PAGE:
Uniform estimates for smooth polynomials over finite fields

- Mathematics, University of Oxford
- More about Ofir Gorodetsky

*Discrete Analysis*, October. https://doi.org/10.19086/da.87773.

### Editorial introduction

Uniform estimates for smooth polynomials over finite fields, Discrete Analysis 2023:16, 31 pp.

A positive integer n is called m-*smooth* if its largest prime factor has size at most m. (Sometimes such numbers are called m-*friable*: the word “friable” means “crumbly” and captures the idea that n can be broken up into small pieces.) Smooth numbers play an important role in several parts of number theory, particularly parts with a computational component, such as integer factorization.

An obvious question to ask is how common smooth numbers are. A well known result in this direction, due to Dickman, states that if n=mt with t≥1, then the number of m-smooth numbers less than n is equal to (ρ(t)+o(1))n, where the function ρ, now known as the *Dickman-de Bruijn function* is defined for t≥1 by the differential equation ρ(t)=ρ(t−1)+tρ′(t)=0

together with the “initial condition” ρ(t)=1 for 0≤t≤1. (An equation of the form above is known as a

*differential delay equation*.)

One can formulate a notion of smoothness whenever one has a class of objects with some measure of size and some kind of unique factorization. Two particularly important examples are permutations, where the size is just the number of objects permuted and the factorization is the cycle decomposition, and polynomials, where the size is the degree and the factorization is into irreducible polynomials.

It turns out that these two examples are closely related. In 1997, Knopfmacher and Manstavičius proved that for fixed q the expected length of the largest cycle in the cycle decomposition of a random permutation of n elements is asymptotically equal to the expected degree of the largest irreducible factor of a random polynomial of degree n over Fq. Very roughly, the explanation they gave for this phenomenon was that cycle lengths of random permutations are naturally modelled by Poisson random variables with a certain conditioning, while degrees of factors of random polynomials are naturally modelled by geometric random variables. One can then show that these two model distributions approximately agree on suitable ranges of the parameters. Furthermore, the Dickman-de Bruijn function shows up again: the probability that a random permutation in Sn is m-smooth is ρ(n/m)+o(1), as is the probability that a random polynomial over Fq of degree n is m-smooth. (Note that this relates quite naturally to the integer result, since qn, the number of monic polynomials of degree n, is equal to (qm)n/m.)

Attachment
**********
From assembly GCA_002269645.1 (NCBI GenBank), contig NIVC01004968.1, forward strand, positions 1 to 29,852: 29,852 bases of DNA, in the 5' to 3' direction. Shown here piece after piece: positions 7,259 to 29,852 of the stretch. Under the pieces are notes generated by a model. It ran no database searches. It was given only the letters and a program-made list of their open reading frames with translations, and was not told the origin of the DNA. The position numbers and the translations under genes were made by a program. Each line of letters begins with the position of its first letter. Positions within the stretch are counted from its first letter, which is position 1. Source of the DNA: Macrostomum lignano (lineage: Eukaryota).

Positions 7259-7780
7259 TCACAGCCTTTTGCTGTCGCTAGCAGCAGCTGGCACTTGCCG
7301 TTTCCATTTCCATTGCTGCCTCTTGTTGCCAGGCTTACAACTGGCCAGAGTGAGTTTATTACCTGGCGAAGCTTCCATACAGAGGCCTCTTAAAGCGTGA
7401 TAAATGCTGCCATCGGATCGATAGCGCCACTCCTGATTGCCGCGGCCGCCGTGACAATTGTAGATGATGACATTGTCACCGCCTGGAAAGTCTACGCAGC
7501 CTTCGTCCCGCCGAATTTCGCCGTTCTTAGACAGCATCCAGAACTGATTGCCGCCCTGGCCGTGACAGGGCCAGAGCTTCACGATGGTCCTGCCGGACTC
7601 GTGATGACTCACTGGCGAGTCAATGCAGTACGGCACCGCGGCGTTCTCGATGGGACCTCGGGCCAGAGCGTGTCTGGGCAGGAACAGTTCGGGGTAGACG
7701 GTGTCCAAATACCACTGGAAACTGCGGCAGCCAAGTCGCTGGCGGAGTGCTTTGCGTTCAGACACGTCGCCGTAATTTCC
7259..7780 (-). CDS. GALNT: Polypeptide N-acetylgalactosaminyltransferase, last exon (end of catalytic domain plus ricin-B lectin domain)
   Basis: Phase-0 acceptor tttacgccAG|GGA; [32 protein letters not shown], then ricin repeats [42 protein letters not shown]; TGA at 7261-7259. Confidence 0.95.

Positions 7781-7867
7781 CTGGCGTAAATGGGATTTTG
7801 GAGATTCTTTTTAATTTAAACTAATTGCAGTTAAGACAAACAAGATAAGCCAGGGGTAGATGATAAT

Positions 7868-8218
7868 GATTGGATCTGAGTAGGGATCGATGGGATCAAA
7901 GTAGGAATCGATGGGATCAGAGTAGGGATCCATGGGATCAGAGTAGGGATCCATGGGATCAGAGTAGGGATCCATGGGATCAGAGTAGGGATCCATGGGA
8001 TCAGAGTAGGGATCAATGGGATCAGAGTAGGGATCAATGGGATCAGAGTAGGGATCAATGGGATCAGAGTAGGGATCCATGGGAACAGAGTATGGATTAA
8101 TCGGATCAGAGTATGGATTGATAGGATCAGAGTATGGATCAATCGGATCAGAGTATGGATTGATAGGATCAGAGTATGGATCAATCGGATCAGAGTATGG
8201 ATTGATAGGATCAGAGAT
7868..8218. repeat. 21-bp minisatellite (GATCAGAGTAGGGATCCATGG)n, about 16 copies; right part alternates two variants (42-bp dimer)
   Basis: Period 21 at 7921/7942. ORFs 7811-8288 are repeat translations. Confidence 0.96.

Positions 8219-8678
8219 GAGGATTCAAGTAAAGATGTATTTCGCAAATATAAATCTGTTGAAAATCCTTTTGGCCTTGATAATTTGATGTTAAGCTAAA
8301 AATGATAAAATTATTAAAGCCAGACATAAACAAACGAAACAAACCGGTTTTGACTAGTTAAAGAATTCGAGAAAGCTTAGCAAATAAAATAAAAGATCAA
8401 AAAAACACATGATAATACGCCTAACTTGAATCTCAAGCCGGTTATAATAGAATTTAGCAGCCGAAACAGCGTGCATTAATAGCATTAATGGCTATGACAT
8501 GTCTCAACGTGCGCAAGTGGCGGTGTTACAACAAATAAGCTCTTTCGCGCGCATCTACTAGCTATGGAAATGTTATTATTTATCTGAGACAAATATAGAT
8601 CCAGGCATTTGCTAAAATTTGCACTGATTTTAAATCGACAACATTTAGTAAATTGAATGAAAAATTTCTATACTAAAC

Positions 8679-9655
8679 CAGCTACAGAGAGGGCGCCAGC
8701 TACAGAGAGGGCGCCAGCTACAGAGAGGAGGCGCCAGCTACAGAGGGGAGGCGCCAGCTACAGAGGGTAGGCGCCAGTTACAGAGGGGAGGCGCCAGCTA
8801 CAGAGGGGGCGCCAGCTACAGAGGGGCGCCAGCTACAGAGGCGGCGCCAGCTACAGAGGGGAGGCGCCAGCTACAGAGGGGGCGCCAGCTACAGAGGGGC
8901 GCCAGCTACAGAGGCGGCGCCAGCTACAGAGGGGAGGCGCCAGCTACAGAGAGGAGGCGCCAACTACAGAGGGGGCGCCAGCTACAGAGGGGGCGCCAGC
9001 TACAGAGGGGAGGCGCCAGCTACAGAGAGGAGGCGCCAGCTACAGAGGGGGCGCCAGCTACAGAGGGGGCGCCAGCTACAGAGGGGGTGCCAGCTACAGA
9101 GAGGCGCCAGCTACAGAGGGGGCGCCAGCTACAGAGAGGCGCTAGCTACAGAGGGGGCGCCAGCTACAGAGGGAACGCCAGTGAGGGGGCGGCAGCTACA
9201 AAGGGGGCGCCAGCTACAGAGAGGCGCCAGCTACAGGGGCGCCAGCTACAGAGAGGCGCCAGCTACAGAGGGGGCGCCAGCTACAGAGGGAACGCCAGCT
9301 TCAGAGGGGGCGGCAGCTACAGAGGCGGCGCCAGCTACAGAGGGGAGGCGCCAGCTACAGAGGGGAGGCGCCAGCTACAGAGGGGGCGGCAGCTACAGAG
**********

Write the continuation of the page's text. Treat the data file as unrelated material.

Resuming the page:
This paper investigates the relationship between smoothness probabilities for permutations and polynomials in much more detail, obtaining improved error estimates over a greater range of values of m (given n). If m is *too* small then the asymptotics are no longer comparable. For instance, the number of 2-smooth permutations is easily seen to be at most 2nnn/2 (since every product of 2-cycles can be obtained by choosing a subset A of {1,2,…,n} of size at most n/2 and for each a∈A choosing a partner). As the total number of permutations is n!≥(n/e)n, the probability that a random permutation is 2-smooth is subexponentially small, whereas the probability that a random polynomial of degree n over Fq is 2-smooth is trivially at least q−n.

It turns out that there are two thresholds of interest. For m≥(2+ϵ)logn, the ratio between the two probabilities is close to 1. For m between (1+ϵ)logn and (2−ϵ)logn the ratio is no longer close to 1 but is given by a function of m/logn that is somewhat complicated to define. And for m≤(1−ϵ)logn there is no longer a fixed ratio.

The proofs of these results are interesting in that they do not yield asymptotics for either of the two probabilities being compared. Rather, they work directly with the difference and show that it is small, by showing that the difference between two related generating functions is small. Applying known lower bounds for one of the probabilities is then sufficient to show that the ratio of the two is close to 1.

Unlike many results that prove analogues for polynomials of results about the integers, the results of this paper concern a phenomenon (the comparison of polynomials with permutations) that does not apply in any obvious way to the integer case and requires genuinely different insights. The introduction to the paper also contains a useful short survey of related results in the literature, to which this paper is a valuable addition.

The video below is of a talk by the author about smooth numbers and smooth polynomials.